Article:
“I see food as similar to music — in music, you listen to it to take you back somewhere,” Seuga says. “It sort of taps into a memory that you relive in that music. Food is similar. I saw people preparing foods and trying to capture certain tastes that they remember from home.”
Cooking food in cells is an exercise in inventiveness. Mandy To, 32, who was in a women’s prison for six years, says she learned how to make no-bake cheesecake, tacos, and “fried rice” using just hot water and a plastic bag.
To says she would adapt what she found on the weekly chow hall menu and sneak it back to her cell to make a decent dish. “If there was an item — say, a salad — they would give us a handful of salad during dinnertime, and we would just bring the greens back. We’d wash them, chop them and use the lettuce in tacos.” To remembers making Hong Kong-style fried rice by warming up crushed pork rinds, sliced sausages, instant rice, soy sauce and jalapenos. “It came out pretty good, but I messed up so many times. My rice turned into porridge at times.”
Prison food has long been a source of fascination. It’s the subject of multiple cookbooks, including Prison Ramen: Recipes and Stories from Behind Bars and Commissary Kitchen: My Infamous Prison Cookbook; the topic of VICE Munchies videos; a conversation piece for Orange is the New Black fans; and the inspiration behind many YouTube tutorials and news stories about how ramen has replaced cigarettes as the main currency in prison.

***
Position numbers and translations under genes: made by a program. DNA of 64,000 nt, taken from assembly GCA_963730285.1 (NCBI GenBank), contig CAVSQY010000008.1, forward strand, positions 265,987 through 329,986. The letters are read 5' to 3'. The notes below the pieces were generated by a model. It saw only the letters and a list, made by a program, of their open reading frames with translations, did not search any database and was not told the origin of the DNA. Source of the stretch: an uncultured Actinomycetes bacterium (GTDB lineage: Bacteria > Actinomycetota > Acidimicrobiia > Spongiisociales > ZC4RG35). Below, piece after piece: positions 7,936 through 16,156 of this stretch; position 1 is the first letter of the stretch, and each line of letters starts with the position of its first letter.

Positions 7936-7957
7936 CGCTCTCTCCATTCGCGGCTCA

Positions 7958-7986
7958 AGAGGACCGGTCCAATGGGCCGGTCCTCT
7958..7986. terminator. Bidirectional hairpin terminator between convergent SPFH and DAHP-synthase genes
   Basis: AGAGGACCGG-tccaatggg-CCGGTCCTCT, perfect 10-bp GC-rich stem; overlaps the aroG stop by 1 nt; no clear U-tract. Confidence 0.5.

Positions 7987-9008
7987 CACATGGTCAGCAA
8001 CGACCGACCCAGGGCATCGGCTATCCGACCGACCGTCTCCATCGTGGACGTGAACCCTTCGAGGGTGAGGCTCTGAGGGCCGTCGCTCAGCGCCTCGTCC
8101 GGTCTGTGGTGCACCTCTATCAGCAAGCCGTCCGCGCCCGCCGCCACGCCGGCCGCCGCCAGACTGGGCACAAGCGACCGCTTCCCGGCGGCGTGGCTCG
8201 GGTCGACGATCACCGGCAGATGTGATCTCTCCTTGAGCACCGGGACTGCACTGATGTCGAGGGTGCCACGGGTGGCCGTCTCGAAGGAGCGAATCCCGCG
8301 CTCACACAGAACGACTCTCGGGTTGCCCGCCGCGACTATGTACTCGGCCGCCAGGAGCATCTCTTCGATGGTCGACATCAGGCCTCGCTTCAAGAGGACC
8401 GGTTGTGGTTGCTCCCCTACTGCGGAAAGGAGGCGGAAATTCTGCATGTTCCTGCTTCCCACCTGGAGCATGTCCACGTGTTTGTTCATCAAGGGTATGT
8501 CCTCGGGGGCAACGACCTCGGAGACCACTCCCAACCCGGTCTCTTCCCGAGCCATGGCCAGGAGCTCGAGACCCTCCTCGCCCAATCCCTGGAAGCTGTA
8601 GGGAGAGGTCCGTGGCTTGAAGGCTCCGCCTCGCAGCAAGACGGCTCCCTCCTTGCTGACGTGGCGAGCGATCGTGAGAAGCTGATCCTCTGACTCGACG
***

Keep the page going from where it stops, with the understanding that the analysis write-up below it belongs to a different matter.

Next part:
Since the United States is the largest jailer in the world — feeding more than 2 million inmates on a daily basis — it’s no surprise that so many people are interested in the topic. Though “three hots and a cot” isn’t an accurate description of incarceration anymore — many prisons have eliminated the third hot meal and subbed in a bag lunch due to budget cuts — prison food culture is integral to prison life. Some prisons have been sued for causing food poisoning or for giving inmates undefinable food, otherwise known as “cruel and unusual punishment.” Prisoners have gone on hunger strikes due to poor food quality.
For minorities in prison, eating mystery meat and bland food means, to some, taking away a part of their culture. Once upon a time, family members of inmates could bring fresh cooked food inside to loved ones during overnight family visits. That practice was nixed in the ’90s in California and many other states. This was due to the fact that people could hide contraband items — knives, drugs or alcohol, for example — inside the food. “There’s the stereotype of the knife in the cake. A lot of contraband items come in through visitors,” says Krissi Khokhobashvili, a spokeswoman for the California Department of Corrections and Rehabilitation. In lieu of that, visitors now buy items from vending machines like burritos, candy bars and chips.